European Paper Wasp | From the Ground Up

European Paper Wasp | From the Ground Up


The eaves of buildings like high tunnels and
outbuildings are a great place for paper wasps to build their nest. And we now have a new pest in the U.S. It’s been in the U.S. for a couple of decades,
but it’s just identified in Wyoming. It’s the European Paper Wasp. The insect itself looks very much like our
paper wasps that we’re familiar with. It has a little bit more of a slender waist
on it. And the antennae on this insect are a brighter
orange color. They have good and bad characteristics in
that they will feed on and are predatory towards things like caterpillars that we don’t want
in our gardens. But they are somewhat more aggressive than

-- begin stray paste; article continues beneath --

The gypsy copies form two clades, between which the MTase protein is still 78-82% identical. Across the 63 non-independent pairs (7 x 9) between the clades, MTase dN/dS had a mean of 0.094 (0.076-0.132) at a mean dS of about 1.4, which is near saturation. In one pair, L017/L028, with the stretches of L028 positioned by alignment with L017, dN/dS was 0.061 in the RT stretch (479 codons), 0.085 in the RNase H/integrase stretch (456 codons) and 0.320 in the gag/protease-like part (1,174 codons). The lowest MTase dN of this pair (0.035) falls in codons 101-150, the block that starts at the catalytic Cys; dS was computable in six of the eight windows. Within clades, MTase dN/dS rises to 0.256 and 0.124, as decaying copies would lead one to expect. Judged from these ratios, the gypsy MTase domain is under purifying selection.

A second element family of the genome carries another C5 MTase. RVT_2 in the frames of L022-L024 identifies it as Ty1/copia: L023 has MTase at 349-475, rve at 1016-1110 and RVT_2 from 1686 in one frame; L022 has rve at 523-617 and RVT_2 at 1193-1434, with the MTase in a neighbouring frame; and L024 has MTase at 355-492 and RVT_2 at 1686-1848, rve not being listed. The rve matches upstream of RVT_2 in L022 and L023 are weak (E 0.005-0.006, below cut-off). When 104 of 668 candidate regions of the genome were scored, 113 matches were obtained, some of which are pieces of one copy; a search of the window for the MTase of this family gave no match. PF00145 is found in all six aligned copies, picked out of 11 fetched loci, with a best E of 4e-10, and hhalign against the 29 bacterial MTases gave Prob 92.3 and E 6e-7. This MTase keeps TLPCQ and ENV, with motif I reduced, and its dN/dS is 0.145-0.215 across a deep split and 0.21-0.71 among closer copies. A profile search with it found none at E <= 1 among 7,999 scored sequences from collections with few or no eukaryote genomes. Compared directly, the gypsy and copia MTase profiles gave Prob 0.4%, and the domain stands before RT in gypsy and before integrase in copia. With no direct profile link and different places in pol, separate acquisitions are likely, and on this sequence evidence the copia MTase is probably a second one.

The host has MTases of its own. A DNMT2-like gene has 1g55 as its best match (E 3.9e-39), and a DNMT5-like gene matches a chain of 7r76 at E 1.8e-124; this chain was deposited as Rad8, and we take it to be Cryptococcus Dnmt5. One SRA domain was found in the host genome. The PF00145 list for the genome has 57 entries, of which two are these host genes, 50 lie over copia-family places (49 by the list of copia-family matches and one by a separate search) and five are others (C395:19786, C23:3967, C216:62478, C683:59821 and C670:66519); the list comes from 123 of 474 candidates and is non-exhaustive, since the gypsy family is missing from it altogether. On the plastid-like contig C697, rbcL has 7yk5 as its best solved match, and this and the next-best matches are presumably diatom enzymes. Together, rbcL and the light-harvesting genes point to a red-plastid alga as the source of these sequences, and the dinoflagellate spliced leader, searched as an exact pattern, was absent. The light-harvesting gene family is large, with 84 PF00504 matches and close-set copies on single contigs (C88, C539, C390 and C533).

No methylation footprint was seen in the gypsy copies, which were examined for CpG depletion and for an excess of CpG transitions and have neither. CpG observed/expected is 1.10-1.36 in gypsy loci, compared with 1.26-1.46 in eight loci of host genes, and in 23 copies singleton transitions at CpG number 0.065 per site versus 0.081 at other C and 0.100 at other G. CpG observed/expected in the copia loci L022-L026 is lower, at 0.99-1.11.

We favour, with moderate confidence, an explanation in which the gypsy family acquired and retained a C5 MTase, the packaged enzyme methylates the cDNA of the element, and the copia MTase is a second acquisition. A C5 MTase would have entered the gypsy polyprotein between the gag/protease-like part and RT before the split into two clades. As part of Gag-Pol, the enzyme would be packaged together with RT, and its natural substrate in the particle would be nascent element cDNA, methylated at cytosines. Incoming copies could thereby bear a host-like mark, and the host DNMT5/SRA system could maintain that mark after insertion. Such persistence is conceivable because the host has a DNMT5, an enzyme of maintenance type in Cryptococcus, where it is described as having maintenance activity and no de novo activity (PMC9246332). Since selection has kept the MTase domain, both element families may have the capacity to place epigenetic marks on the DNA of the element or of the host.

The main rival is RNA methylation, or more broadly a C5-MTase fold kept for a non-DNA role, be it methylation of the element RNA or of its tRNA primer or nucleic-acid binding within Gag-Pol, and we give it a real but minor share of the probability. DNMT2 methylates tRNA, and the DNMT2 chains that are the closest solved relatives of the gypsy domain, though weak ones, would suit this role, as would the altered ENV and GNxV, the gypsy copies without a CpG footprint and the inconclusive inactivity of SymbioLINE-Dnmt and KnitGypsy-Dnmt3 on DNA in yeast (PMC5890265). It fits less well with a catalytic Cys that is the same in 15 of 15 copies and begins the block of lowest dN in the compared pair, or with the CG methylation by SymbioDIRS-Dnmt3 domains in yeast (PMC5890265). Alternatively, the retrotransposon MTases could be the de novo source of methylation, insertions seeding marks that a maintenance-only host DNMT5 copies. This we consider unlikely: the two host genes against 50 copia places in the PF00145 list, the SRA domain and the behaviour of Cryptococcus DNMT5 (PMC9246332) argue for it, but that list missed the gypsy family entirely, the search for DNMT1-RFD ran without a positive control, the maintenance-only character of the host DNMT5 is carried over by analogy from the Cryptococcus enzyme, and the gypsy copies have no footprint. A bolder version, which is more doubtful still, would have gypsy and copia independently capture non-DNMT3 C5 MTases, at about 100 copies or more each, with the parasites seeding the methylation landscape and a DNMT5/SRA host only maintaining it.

other wasps, and they may become a problem because of that. The European Paper Wasp is known for feeding
on fruit that’s still hanging on the vine. Most of our other paper wasps or Yellow Jackets
will feed on fruit that is overripe, or fruit that has fallen from the vine. And so, we may see more loses from the European
Paper Wasp in fruit production across the state. They are known to have a paper colony, or
nest, that is very similar to other paper wasps. And if you do find them and want to control
them, you’d use paper wasp, hornet, or Yellow Jacket spray that has an immediate knock-down. And use all of the safety procedures that
we’ve shared with you in other “From the Ground Up” segments. So, you’ll want to keep an eye out for the
European Paper Wasp in your small fruit or garden production. I’m Donna Hoffman with the University of
Wyoming Extension, and you’re watching “From the Ground Up.”

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